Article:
The resources featured in this LibGuide help to provide a clear conception of the history and legacy of the Voting Rights Act, from a bedrock of social progress to a drastically curtailed point of political contention.
Voting rights in the United States is an ever-changing issue as the rights safeguarded by the original bill fifty years ago are being scaled back and undermined. A brief introduction to the topic can be found at U.S. Department of Justice, Encyclopedia Britannica, and Civilrights.org.
A concise timeline of events related to voting rights is provided by the American Civil Liberties Union, and this video traces the Voting Rights Act's evolution, from inception to its current status and function.
The Voting Rights Act was signed into law on August 6, 1965, due in large part to the publicity and political pressure resulting from the famous march from Selma to Montgomery. Prior to this, minorities were often subjected to illegal literacy tests, poll taxes, and grandfather clauses that systematically undercut their basic civil rights.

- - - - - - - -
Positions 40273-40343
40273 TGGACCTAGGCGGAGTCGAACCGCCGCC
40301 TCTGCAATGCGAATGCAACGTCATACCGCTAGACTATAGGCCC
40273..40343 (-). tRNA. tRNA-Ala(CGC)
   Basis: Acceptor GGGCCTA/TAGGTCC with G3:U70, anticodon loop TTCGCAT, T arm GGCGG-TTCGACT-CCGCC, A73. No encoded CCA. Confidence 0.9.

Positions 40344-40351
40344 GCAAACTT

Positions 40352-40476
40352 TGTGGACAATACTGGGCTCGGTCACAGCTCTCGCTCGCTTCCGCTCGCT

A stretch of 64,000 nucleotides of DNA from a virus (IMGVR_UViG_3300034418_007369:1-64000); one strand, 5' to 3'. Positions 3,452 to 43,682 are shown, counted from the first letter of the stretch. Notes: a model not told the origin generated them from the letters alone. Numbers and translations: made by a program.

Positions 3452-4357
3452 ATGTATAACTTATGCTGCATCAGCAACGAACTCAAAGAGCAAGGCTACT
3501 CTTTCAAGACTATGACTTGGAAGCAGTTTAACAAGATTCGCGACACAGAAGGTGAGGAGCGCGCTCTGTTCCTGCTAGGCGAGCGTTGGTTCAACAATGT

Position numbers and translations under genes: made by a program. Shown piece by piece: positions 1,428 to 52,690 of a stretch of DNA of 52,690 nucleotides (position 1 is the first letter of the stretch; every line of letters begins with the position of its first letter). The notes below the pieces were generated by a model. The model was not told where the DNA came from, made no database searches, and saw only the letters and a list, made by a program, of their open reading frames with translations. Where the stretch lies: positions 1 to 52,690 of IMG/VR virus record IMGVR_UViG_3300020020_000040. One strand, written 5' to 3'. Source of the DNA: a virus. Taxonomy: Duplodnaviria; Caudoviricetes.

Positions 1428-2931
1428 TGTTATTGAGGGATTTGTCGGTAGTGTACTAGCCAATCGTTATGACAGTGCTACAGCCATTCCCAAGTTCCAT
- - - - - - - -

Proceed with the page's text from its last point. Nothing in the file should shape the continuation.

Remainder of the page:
Instances of discrimination drastically declined, and minority voter turnout and registration steadily rose. That is, until recent years, in which a movement to pass stricter photo ID laws, hinder early voting and same-day voting, and prohibit voting outside one's home precinct have gained a great deal of political favor.
While not inherently discriminatory, these measures all disproportionately affect minorities. It is important to know the genesis of this movement, not only to understand our nation's past, but also to grasp the clandestine manner in which one of our most progressive bill's is being subverted. The scholarly and news articles, videos, books, and court cases compiled within provide greater context and a deeper understanding of the events related to this bill. They help to contextualize the ways in which the suppression of American citizens' voting rights remains a distinct problem that incorporates elements of ethnic and racial prejudice.